We have noticed the importance of the continuity of Fimouv monitoring. Indeed, patients felt listened to and recognized as suffering, despite the invisible nature of the pathology. Telemedicine could therefore constitute a very relevant monitoring tool for fibromyalgia patients, making it possible both to continue the medical follow-up initiated and to reduce travel constraints which can be heavy for some patients. Also, a line of research could be the development of tele-rehabilitation for fibromyalgia patients, which has been tested in other pathologies and has shown physical effects comparable to those of conventional rehabilitation (Chan et al., 2016).
Data Availability Statement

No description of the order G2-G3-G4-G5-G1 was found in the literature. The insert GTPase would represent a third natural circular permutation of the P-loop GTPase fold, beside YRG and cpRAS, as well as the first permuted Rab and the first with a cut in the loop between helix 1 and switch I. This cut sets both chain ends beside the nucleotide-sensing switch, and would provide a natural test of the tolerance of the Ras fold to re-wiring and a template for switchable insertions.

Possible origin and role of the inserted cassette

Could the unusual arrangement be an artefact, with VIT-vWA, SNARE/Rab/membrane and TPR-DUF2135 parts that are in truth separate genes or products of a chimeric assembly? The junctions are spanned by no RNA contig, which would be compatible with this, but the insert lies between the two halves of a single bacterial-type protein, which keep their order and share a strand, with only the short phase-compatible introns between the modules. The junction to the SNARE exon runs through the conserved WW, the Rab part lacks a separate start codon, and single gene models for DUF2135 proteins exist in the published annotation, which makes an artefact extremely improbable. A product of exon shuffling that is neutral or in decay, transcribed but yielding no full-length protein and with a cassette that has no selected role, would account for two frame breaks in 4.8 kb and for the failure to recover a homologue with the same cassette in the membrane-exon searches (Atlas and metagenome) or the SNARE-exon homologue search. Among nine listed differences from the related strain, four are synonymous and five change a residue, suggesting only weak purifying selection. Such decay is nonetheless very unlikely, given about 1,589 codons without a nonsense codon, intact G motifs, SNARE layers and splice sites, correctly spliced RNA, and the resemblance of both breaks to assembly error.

The original contributions presented in the study are included in the article/Supplementary Material, further inquiries can be directed to the corresponding author/s.
The studies involving human participants were reviewed and approved by IRBN522020/CHUSTE. The patients/participants provided their written informed consent to participate in this study.
The Fimouv investigators from University Hospital of Saint-Etienne contributed to the conception and design of the study. AJ and JG contributed to the acquisition of data. CC and AJ wrote the first draft of the manuscript. JG, NB, and DH provided critical revision for intellectual content and oversight. All authors contributed to the article and approved the submitted version.
This study was funded after the calls for projects of (1) the university hospital of Saint-Etienne (AOL 2018) and (2) the research program on the performance (PREPS 2018) of the healthcare system proposed by the Ministry of Solidarity and Health (France).